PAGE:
Miss Appropriation: Steampunk, Feminism, and the Allure of the Alternative History

Today’s post comes from Rachel Cochran. 

History is big right now.

By big, I don’t mean vast, although history is of course also vast.   By big, I mean in, hip, and fashionable.  I mean that music, television, literature, and film are returning to the past with increasing enthusiasm, fluency, and success.  Thanks to DIY and Rockabilly culture, the 1940s and ’50s are having their day.  For those stricken with Edwardian nostalgia, there’s the juggernaut of emotional turmoil that is Downton Abbey.  Show me a decade of the twentieth century, and I’ll show you a counterculture that has developed around it.


Not all countercultures are created equal.

But the further back you go, the harder history can be to sell.  As progress distances us from our pasts, we begin to realize what L. P. Hartley meant when he wrote that “The past is a foreign country: they do things differently there.”  Mod and Rockabilly women already have to justify to their modern sensibilities why they feel such kinship with a far more gender-restrictive age.  Going back in time means going back to an age before Civil Rights, before Roe v. Wade and women in the workplace.  Before homosexuality was decriminalized.  Going back in time means peeling away layers of progress one by one until minority groups who have fought so hard for so long to be heard become voiceless again.

My own nostalgia for the Victorian era sometimes makes me feel like a criminal.  In my own life, I’ve struggled to cultivate many of the skills that would have been expected of any proper Victorian housewife–knitting, sewing, cooking, all the traditional duties.  For me, it’s not a question of gender roles, but rather an attempt at autonomy, a broke-grad-student attempt to lessen my dependence on department stores and Chinese restaurants.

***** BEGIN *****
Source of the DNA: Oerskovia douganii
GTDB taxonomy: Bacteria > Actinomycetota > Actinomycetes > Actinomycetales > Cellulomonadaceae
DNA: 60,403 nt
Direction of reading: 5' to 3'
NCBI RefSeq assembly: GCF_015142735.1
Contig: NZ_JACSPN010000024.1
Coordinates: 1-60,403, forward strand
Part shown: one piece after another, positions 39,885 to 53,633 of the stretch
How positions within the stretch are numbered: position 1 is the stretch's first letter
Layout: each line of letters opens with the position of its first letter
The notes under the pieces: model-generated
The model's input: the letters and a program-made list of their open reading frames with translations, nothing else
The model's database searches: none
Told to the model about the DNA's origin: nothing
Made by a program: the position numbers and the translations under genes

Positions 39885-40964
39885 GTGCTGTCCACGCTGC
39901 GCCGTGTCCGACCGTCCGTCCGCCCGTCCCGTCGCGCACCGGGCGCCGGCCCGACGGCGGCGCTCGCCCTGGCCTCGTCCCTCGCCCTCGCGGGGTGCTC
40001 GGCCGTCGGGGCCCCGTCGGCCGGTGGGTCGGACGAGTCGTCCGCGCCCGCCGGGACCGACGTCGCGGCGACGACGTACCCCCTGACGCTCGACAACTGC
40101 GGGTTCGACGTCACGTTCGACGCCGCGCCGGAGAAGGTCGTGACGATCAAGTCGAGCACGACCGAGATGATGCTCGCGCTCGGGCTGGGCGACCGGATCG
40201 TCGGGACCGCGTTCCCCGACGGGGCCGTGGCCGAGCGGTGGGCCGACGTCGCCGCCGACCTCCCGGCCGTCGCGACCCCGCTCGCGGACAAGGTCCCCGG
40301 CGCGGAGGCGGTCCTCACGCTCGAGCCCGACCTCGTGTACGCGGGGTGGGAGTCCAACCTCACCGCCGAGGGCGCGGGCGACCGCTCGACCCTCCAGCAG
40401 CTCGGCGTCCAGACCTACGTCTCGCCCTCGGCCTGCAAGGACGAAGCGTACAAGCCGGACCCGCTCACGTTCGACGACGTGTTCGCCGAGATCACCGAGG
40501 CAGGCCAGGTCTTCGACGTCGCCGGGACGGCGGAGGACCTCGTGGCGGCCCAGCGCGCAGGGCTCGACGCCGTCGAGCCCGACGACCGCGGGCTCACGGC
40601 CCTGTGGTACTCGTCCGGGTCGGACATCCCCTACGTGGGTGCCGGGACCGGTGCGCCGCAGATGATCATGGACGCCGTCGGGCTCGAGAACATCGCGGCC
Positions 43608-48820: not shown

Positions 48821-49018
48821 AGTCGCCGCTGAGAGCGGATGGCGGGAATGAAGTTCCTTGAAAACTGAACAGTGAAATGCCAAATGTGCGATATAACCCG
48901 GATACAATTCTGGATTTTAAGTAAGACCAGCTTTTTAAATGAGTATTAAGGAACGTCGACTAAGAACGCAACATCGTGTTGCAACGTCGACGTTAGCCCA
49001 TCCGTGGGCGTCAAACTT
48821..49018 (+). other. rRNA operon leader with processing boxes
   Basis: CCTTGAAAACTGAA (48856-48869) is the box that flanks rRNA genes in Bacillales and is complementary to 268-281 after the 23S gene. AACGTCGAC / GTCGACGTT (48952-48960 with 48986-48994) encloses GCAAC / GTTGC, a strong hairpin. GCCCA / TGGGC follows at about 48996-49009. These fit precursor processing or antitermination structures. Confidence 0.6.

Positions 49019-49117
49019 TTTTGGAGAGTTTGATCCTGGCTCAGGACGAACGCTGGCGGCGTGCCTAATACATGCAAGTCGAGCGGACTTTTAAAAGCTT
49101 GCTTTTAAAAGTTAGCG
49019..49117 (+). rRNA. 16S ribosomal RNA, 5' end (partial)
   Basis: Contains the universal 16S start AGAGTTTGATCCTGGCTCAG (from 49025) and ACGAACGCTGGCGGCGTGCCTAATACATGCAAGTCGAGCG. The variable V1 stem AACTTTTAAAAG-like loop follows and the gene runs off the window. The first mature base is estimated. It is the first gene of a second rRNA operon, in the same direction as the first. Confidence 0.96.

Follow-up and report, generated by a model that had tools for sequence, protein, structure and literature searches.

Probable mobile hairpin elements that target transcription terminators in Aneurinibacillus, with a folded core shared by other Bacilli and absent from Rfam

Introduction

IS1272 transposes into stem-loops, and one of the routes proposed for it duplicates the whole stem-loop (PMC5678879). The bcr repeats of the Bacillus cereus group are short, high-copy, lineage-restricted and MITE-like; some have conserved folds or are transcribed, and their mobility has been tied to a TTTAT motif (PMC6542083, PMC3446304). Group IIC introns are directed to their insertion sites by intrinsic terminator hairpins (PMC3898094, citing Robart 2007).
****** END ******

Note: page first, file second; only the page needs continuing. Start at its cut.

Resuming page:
Walking a mile in tradition’s stylish spats, however, has not blinded me to the atrocities committed under the Victorian English empire.  Besides my own feminist qualms with the Victorian constellations of family and society, half a year of studying abroad in Hyderabad, India, closely acquainted me with some of the ways the Empire caused lasting damage to the rest of the world.  Why would I revel in the work of racist writers like Kipling and Doyle?  Why celebrate the oppressively heteronormative plotlines of the Brontës, or Dickens’s anti-Semitism?

This is where steampunk comes in.  For those who don’t know steampunk, it’s best described in terms of genre, although it’s also for some people a way of life.  It’s nineteenth century science fiction, an alternative history fashioned out of brass, copper, gadgets, goggles, and gears.  It’s dirigibles and hot air balloons and carnivals, Lovecraft meets Verne meets Wild Wild West.

One important distinction: steampunk ≠ hot-gluing old watch parts onto all the things.

More and more, this fringe subculture is infiltrating the mainstream.  There are steampunk romance novels, action stories, and online comics.  There are at least two steampunk-influenced television shows currently in production.  Steampunk fashion staples are showing up all over.  Lace cuffs, waistcoats, high collars, and Tim Burton-esque thick black and white stripes are positively ubiquitous, and nearly every pair of ladies’ boots today comes in brown leather, complete with at least three extraneous bronze buckles.

If these steam-curious elements were merely ironic appropriations of a way of life that is no longer relevant, surely they would not have become so pervasive.  There’s something in the heartbeat of the 2010s that’s hungry for Victorianism, but not as it really existed–not empire and subjugation, not “traditional” gender roles and white, male domination.  (If nothing else, the 2012 election proved how archaic a notion that is finally becoming.)  Alternative histories like steampunk often turn out to be about separating the positive elements from the negative–focusing, for instance, on the increased cultural awareness brought about by Western global expansion, rather than colonialism, slavery, or the exploitation of resources.

Yes, the pistol-toting, corset-wearing Victorian mademoiselle has the problematic tendency to border on the fetishistic, but her sexuality is much more likely to fall prey to the restrictive gender roles of today’s romance novels than to those of her own time.  I see steampunk, not as a way of denying the hard facts of our shared cultural past, but of reimagining more diverse histories.  At the very least, well-executed steampunk allows its aficionados to bring modern sensibilities anachronistically into a bygone setting, offering the opportunity of empowering those who were in reality powerless.  And when those steampunk-inspired TV shows begin to air, we apologetic Victorian nostalgists can hold our breaths and hope for strong female characters, gay-friendly stories, and powerful racial diversity without stepping on the toes of history.

Rachel Cochran received her BFA from the University of Evansville. She is a current MA candidate specializing in Creative Writing – Fiction at the University of Missouri.